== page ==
You may have heard the name Moulthrop in regards to wood turning, especially if you live near Atlanta. Even if you don’t live near Atlanta, you may have seen the name at the White House, the Smithsonian, the Museum of Modern Art, the Metropolitan Museum of Art, and the United States Department of State, as well as numerous other similarly prestigious institutions.
I drove up to Marietta just northwest of Atlanta to visit the Marietta/Cobb Museum of Art to see “Moulthrop — A Southern Legacy”. I spent several hours there, and I came away with mixed feelings ranging from intense despair at my turning inadequacies to high ambition at the possibilities if I just keep pushing my craft. I took lots of pictures and have included a slide show (below) for you to see what I am talking about. What is difficult about simply seeing the photos is one cannot fully appreciate the scale of the objects. They are huge. In fact, the book I purchased at the front desk (Moulthrop, A Legacy in Wood, by Kevin Wallace) explains the methods and tools used by the three generations of turners. The Grandfather, Ed, started turning in the 1960’s when the craft was not widespread. He made his own tools and tried new methods and when he could not turn as large as he wanted, he simply built his own lathe. He laughs in the book about the heavy pieces of wood and the tools that resemble whaling harpoons, and actually getting flipped across the shop when the tool would catch in the wood. His Architect’s eye and natural talent served him well and soon people started to notice. One of my favorite pictures is of the grandson, Matt, at about 10 years old, standing inside a large scale chalice that Ed had made. After a while, his son Phillip took up the work, and then astoundingly, Matt, the third generation also picked it up.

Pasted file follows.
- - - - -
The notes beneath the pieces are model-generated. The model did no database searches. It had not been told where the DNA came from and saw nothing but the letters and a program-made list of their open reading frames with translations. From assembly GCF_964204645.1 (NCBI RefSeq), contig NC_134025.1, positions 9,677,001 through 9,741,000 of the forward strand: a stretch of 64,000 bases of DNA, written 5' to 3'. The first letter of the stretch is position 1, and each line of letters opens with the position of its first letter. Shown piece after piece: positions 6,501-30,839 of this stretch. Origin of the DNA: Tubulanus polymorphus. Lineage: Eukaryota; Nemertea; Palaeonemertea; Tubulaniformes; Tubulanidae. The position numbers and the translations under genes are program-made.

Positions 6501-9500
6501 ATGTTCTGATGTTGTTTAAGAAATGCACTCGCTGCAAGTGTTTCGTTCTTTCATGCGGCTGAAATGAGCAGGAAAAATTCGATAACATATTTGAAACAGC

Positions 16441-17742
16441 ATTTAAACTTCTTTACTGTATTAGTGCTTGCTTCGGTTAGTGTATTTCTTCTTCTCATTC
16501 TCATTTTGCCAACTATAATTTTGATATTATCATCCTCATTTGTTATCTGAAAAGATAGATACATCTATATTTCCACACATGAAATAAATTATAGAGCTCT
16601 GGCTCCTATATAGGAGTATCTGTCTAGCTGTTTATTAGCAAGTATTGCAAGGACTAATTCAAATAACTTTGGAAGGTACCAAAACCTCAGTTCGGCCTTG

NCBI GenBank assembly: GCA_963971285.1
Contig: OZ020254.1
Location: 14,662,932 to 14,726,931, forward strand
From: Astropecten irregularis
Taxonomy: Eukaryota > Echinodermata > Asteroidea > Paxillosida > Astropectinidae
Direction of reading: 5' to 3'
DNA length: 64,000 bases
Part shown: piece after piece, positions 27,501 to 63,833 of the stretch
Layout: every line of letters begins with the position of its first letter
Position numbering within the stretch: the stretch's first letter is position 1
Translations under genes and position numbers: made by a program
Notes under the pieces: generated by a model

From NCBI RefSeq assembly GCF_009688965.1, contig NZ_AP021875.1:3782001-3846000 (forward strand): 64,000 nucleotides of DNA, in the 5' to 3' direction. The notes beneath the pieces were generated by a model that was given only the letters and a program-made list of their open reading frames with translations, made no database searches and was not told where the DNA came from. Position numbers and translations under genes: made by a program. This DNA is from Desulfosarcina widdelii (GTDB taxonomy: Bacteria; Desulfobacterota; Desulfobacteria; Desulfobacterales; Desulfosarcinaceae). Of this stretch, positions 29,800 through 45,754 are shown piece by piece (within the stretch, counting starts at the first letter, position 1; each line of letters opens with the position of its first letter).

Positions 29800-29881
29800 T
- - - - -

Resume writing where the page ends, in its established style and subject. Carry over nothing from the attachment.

I’ve been turning a good while, but this stuff is amazing. Take a look at the slideshow below to see for yourself.